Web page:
by Ruth Pollard
RAMALLAH: The number of Palestinian prisoners on hunger strike in Israeli jails has grown to at least 2800, human rights groups say, while two of the inmates hovered close to death as they entered their 69th day without food. The Israeli prison service disputes the numbers.
Israel’s practice of jailing people without charge – known as administrative detention – is the main issue driving the hunger strikers, whose images are seen on posters throughout the West Bank and Gaza as the protests backing the prisoners grow.
About 320 Palestinians are being held in administrative detention in Israeli prisons, 24 of them are members of the Palestinian Legislative Council.
Advertisement: Story continues below
They are not informed of the accusations or evidence against them, there is no trial and they have no opportunity to defend themselves, the prisoners’ rights group Addameer said.
The Israeli prison service disputes the number of prisoners on hunger strike and rejects the claims that lawyers are not being given access to the prisons.
A spokeswoman said 1600 prisoners are refusing food.
”We have a committee that is going from prison to prison to discuss the prisoners’ concerns. We will tell them soon about our decision,” she said.
Their term of imprisonment is determined by an Israeli military judge, and can be extended.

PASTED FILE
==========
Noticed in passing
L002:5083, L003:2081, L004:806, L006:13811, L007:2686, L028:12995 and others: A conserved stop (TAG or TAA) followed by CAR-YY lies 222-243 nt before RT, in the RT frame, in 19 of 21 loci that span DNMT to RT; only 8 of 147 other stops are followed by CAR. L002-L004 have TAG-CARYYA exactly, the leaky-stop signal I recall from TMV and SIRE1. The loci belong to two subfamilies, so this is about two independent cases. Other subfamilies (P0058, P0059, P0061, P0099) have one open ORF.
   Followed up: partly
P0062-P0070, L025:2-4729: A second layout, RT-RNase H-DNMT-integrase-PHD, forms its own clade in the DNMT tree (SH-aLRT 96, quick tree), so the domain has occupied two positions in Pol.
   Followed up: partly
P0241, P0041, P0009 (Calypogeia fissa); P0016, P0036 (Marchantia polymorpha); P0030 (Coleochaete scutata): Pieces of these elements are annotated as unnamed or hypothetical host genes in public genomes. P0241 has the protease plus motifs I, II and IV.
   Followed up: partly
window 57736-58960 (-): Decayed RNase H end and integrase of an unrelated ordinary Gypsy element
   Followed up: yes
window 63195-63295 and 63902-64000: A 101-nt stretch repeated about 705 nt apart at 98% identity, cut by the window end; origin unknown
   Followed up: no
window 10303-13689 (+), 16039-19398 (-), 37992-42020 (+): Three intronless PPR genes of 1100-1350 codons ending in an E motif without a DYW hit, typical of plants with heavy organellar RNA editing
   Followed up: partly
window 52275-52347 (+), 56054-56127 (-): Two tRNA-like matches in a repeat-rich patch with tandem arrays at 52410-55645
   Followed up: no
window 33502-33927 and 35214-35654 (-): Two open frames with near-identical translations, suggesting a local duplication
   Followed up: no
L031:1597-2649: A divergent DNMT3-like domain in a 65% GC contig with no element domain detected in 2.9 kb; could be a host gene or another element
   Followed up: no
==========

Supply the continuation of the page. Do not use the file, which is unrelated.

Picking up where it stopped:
Tha’er Halahleh, 33, and Bilal Diab, 27, the two prisoners who have been on a hunger strike for 69 days, had their appeals against their imprisonment without charge rejected by a military court last month.
Their cases are now before Israel’s High Court, which was expected to make a ruling yesterday. Halahleh has been held without charge for 22 months, Diab for nine months.
Israel has consistently defended its use of administrative detention, saying it is a vital security measure that prevents terrorist attacks and that disclosing evidence could put security operations at risk.
The prison service has responded harshly to the mass hunger strike, placing prisoners in solitary confinement, issuing daily fines of 500 shekels ($132), denying electricity supplies and conducting random cell and body searches, the director of the human rights group Al-Haq, Shawan Jabarin, told the Herald. “Prisoners are calling for humanitarian treatment and basic human rights,” Mr Jabarin said.
At least six other prisoners are on an extended hunger strike, including Hassan Safadi, who is on his 62nd day.